3419 (1975). B. E. Smart and G. S.Reddy, J. Am. Chem. SOC.,98, 5593 (1976). P. Vast and J. Heubel, C. R. Hebd. Seances Acad. Sci., Ser. C, 267,236
(1968). In the case of 3 (X = OCH3). the minor product 6 results from trapping of the relatively stable zwitterionic intermediate with sulfur trioxide, followed by irreversible loss of sulfur dioxide. See ref 1 for a description of this mechanism. (13)L. G. Anello, A. K. Price, and R. F. Sweeney, J. org. Chem., 33, 2692
(1968). (14)J. T. Barr, K. E. Rapp, R. L. Pruett, C. T. Bahner, J. D. Gibson, and R. H. Lafferty, Jr., J. Am. Chem. Soc., 72, 4480 (1950). (15)J. D. Park, C. M. Snow, and J. R. Lacher, J. Am. Chem. Soc., 73, 2342 (1951). (16)J. D. Park, S.M. Sharrah, and J. R. Lacher, J. Am. Chem. Soc., 71,2337 (1949). (17)B. E. Smart, J. Org. Chem.. 41,2377 (1976).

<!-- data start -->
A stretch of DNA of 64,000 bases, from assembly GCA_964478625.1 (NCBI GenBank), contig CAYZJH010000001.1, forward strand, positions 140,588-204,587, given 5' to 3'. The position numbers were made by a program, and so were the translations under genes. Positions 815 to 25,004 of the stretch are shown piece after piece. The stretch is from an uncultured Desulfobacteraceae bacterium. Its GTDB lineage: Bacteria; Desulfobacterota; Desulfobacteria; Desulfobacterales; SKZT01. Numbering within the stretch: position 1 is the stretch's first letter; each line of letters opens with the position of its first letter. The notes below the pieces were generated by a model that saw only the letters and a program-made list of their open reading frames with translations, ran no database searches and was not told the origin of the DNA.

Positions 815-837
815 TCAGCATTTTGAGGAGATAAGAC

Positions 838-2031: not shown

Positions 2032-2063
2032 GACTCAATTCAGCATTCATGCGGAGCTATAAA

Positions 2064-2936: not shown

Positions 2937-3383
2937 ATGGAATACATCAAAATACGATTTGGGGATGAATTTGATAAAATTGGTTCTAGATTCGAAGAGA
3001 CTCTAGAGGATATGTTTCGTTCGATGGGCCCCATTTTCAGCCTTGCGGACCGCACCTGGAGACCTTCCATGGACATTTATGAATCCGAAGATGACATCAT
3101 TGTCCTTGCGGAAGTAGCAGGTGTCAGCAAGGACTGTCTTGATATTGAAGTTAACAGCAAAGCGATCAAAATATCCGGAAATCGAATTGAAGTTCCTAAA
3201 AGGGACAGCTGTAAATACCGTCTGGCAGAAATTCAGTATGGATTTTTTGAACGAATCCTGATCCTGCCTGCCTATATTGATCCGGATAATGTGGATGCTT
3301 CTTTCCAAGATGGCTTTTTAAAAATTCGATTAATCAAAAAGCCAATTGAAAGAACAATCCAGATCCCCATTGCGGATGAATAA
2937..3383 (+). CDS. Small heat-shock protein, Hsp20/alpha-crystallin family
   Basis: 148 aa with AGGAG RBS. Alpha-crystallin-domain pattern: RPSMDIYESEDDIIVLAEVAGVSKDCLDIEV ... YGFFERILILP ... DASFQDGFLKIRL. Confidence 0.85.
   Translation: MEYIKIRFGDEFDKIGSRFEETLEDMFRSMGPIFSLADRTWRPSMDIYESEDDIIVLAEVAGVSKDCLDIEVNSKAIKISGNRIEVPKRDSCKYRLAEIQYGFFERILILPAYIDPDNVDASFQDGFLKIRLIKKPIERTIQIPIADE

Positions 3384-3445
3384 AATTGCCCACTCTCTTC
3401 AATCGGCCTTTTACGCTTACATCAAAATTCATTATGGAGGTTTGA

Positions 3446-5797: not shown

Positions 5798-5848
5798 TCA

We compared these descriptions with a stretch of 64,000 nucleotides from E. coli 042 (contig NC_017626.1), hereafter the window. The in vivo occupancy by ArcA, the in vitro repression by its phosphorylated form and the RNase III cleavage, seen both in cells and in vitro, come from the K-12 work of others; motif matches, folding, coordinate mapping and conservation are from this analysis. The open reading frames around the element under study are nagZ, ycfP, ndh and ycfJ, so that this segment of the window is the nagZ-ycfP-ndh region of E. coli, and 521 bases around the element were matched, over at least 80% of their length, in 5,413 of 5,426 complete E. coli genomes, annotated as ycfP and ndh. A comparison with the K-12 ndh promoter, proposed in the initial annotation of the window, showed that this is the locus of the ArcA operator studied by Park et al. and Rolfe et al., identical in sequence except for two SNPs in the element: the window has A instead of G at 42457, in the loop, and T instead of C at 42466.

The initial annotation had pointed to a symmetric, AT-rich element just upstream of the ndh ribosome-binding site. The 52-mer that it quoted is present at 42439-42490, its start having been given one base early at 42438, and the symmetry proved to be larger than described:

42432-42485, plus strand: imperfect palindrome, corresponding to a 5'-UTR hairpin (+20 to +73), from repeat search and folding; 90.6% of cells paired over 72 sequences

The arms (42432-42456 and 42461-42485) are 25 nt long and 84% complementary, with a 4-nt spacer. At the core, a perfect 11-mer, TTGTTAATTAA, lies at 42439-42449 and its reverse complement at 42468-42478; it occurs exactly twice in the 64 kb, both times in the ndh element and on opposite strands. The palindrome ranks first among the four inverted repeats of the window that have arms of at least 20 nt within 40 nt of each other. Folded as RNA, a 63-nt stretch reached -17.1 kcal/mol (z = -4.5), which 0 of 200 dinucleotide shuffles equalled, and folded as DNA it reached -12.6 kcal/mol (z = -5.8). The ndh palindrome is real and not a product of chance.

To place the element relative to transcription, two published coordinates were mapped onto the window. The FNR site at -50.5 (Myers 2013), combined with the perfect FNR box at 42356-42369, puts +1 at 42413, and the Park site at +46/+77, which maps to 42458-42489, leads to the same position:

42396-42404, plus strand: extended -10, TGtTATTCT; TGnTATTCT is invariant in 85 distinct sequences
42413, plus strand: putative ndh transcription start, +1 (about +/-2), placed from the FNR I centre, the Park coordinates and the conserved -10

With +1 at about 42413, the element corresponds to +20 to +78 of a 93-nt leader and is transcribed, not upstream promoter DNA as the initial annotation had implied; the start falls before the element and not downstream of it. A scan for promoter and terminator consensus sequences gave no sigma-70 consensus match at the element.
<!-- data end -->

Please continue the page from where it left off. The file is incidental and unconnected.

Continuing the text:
/ Reaction of Sulfur Trioxide with Fluorovinyl Ethers